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Airline sector could take three years to recover

Top executives at Emirates and Etihad say 85% of carriers could face insolvency this year without government intervention and passenger demand may not return to pre-crisis levels until 2023.

Most of the world’s airlines could face insolvency by the end of 2020, without government intervention, and it could take until 2023 for passenger demand to return to pre-crisis levels, according to the top executives at UAE carriers Emirates and Etihad.

In joint video conference hosted by the US-UAE Business Council, Emirates Airline president Tim Clark and Etihad Aviation Group CEO Tony Douglas expressed strong confidence that the challenges posed by Covid-19 will be overcome, especially with regard to the airline and travel industry.

But the two reiterated that until an effective vaccine becomes widely available, how passengers fly in the future will be very different, with lasting restrictions like 14-day quarantines, testing, and social distancing impacting demand and operations.

Both executives commented that 85% of the world’s airlines could face insolvency by the end of 2020, without government intervention. Emirates and Etihad said they believe that it could take until 2023 for passenger demand to return to pre-crisis levels. 

In the meantime, the speakers said that their respective airlines continued to safely provide repatriation flights to and from the UAE, as well as cargo operations aimed at ensuring vital imports and delivering critical supplies for combatting the pandemic. They also noted the steps Emirates and Etihad are taking to preserve jobs and retain staff during this difficult period.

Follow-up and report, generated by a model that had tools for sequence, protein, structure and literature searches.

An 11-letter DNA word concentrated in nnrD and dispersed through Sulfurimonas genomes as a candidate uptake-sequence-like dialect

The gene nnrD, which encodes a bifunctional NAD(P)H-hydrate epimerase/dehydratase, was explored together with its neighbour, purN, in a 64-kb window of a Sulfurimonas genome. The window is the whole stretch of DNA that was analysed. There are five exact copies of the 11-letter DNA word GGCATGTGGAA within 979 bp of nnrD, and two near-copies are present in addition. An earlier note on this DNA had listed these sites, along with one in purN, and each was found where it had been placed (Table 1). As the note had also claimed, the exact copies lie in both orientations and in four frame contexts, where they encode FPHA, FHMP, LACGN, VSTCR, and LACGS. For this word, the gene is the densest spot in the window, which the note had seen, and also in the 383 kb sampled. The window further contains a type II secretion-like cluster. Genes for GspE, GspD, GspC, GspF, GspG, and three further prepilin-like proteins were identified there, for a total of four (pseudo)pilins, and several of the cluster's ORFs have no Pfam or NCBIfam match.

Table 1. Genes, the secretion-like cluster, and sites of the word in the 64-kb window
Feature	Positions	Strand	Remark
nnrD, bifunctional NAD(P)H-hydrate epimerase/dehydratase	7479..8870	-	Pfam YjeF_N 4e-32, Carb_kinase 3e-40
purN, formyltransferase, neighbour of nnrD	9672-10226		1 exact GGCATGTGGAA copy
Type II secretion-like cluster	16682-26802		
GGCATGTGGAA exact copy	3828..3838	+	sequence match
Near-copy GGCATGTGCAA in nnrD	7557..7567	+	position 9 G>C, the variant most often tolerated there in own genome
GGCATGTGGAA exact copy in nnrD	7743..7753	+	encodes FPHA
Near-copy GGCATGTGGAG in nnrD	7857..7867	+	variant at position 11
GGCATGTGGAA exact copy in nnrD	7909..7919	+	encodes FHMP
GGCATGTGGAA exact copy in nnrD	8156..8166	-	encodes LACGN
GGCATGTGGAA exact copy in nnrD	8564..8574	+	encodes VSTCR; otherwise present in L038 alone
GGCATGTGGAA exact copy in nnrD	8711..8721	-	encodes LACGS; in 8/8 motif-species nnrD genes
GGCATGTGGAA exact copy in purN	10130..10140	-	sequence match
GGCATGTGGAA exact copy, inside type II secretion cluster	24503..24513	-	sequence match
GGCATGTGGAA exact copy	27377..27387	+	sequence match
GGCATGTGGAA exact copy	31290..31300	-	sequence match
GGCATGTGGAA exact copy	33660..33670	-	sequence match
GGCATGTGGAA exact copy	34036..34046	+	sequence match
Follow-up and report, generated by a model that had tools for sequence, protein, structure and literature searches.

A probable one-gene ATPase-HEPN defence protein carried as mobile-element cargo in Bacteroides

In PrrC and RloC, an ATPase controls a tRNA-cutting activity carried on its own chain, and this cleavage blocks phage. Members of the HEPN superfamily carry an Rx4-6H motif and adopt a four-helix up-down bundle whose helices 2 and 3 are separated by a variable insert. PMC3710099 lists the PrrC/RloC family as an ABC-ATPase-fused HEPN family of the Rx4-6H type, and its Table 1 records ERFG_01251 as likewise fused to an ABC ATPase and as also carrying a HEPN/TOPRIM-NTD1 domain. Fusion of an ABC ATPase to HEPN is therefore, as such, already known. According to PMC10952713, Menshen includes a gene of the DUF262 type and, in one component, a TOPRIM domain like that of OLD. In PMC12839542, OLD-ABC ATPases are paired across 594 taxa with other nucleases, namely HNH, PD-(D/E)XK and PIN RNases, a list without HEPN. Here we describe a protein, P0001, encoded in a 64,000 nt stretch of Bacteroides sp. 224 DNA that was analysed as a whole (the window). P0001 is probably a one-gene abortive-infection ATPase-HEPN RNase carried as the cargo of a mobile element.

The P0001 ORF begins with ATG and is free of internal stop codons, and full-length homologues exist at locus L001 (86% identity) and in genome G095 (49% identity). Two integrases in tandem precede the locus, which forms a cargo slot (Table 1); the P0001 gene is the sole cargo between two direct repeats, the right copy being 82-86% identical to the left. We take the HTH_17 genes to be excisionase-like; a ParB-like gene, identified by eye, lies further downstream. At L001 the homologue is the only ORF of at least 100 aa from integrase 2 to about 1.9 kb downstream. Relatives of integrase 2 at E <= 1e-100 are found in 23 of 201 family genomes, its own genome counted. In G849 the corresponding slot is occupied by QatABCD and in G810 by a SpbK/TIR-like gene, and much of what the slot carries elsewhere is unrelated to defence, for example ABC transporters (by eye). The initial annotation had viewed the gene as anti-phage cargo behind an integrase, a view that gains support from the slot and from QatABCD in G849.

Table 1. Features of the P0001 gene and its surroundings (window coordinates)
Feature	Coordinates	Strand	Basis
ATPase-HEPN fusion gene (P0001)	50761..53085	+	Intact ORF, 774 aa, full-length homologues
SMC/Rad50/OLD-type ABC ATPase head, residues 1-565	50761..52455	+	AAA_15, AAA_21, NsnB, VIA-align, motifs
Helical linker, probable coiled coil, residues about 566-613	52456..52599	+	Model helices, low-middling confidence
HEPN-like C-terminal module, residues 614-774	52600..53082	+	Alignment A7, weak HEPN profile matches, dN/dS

Their warnings come as further airlines this week announced major redundancy programmes in addition to the furlough measures they had already taken. IAG, parent of airlines including BA, Iberia and Aer Lingus, announced that “in light of the impact of COVID-19 on current operations and the expectation that the recovery of passenger demand to 2019 levels will take several years, British Airways is formally notifying its trade unions about a proposed restructuring and redundancy programme”. It said the proposals remained subject to consultation but it was likely that they may result in the redundancy of up to 12,000 staff.

The announcement came as IAG posted preliminary first quarter financial results, including an operating loss of €535 million compared to a profit of €135 million in the same quarter of last year. It also came just a month after BA placed 30,000 of its 42,000 employees on the UK government-backed furlough scheme.

IAG has reduced has passenger capacity in April and May by 94% compared to last year, only operating flights for essential travel and repatriation. To make up for some of the loss of cargo bellyhold capacity, between 22 March and 26 April IAG Cargo undertook around 350 additional cargo-only return flights, primarily on long-haul routes with passenger widebody aircraft.

IAG said passenger capacity from June will depend on the timing of the easing of lockdowns and travel restrictions by governments around the world. Although BA has not applied for UK government backed loans, its Spanish subsidiaries Iberia and Vueling this week accepted Spanish government-backed loans for €750 million and €260 million, respectively, on five-year terms.

Other major global airlines have made similar levels of capacity cutbacks, with some also already announcing or likely to announce redundancy programmes in addition to furlough programmes for staff, as carriers increasingly anticipate only a relatively slow recovery of airline passenger activities. In the meantime, dozens of airlines have launched or are launching cargo-only flights on passenger aircraft, although cargo observers note that this capacity only makes up a fraction of the previously available cargo bellyhold capacity that has been lost.

Source: Lloyds Loading List



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